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Probability Theory
Probability theory is the branch of mathematics concerned with probability. Although there are several different probability interpretations, probability theory treats the concept in a rigorous mathematical manner by expressing it through a set of axioms. Typically these axioms formalise probability in terms of a probability space, which assigns a measure taking values between 0 and 1, termed the probability measure, to a set of outcomes called the sample space. Any specified subset of these outcomes is called an event. Central subjects in probability theory include discrete and continuous random variables, probability distributions, and stochastic processes, which provide mathematical abstractions of non-deterministic or uncertain processes or measured quantities that may either be single occurrences or evolve over time in a random fashion. Although it is not possible to perfectly predict random events, much can be said about their behavior
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Enrico Fermi
Enrico Fermi (/ˈfɜːrmi/; Italian: [enˈriːko ˈfermi]; 29 September 1901 – 28 November 1954) was an Italian-American physicist and the creator of the world's first nuclear reactor, the Chicago Pile-1. He has been called the "architect of the nuclear age" and the "architect of the atomic bomb". He was one of the very few physicists in history to excel both theoretically and experimentally. Fermi held several patents related to the use of nuclear power, and was awarded the 1938 Nobel Prize in Physics for his work on induced radioactivity by neutron bombardment and the discovery of transuranic elements. He made significant contributions to the development of quantum theory, nuclear and particle physics, and statistical mechanics. Fermi's first major contribution was to statistical mechanics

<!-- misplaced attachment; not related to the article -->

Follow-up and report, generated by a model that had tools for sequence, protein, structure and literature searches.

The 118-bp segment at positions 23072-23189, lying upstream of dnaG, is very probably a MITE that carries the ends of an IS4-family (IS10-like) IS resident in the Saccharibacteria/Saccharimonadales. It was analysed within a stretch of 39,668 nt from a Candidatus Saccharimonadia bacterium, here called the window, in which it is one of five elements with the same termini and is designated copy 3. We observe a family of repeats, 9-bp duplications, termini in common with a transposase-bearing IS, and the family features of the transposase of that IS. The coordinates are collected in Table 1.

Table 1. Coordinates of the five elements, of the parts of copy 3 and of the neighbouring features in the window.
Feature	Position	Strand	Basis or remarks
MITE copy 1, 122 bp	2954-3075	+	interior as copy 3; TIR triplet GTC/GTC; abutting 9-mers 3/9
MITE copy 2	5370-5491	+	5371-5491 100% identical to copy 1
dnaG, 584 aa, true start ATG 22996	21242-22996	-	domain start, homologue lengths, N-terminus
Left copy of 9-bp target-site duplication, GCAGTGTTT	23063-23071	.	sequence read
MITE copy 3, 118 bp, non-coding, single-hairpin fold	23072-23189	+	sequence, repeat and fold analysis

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Ludwig Boltzmann
Ludwig Eduard Boltzmann (February 20, 1844 – September 5, 1906) was an Austrian physicist and philosopher whose greatest achievement was in the development of statistical mechanics, which explains and predicts how the properties of atoms (such as mass, charge, and structure) determine the physical properties of matter (such as viscosity, thermal conductivity, and diffusion).

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Gibbs Free Energy
In thermodynamics, the Gibbs free energy (IUPAC recommended name: Gibbs energy or Gibbs function; also known as free enthalpy to distinguish it from Helmholtz free energy) is a thermodynamic potential that can be used to calculate the maximum of reversible work that may be performed by a thermodynamic system at a constant temperature and pressure (isothermal, isobaric). The Gibbs free energy(ΔGº = ΔHº-TΔSº) (J in SI units) is the maximum amount of non-expansion work that can be extracted from a thermodynamically closed system (one that can exchange heat and work with its surroundings, but not matter); this maximum can be attained only in a completely reversible process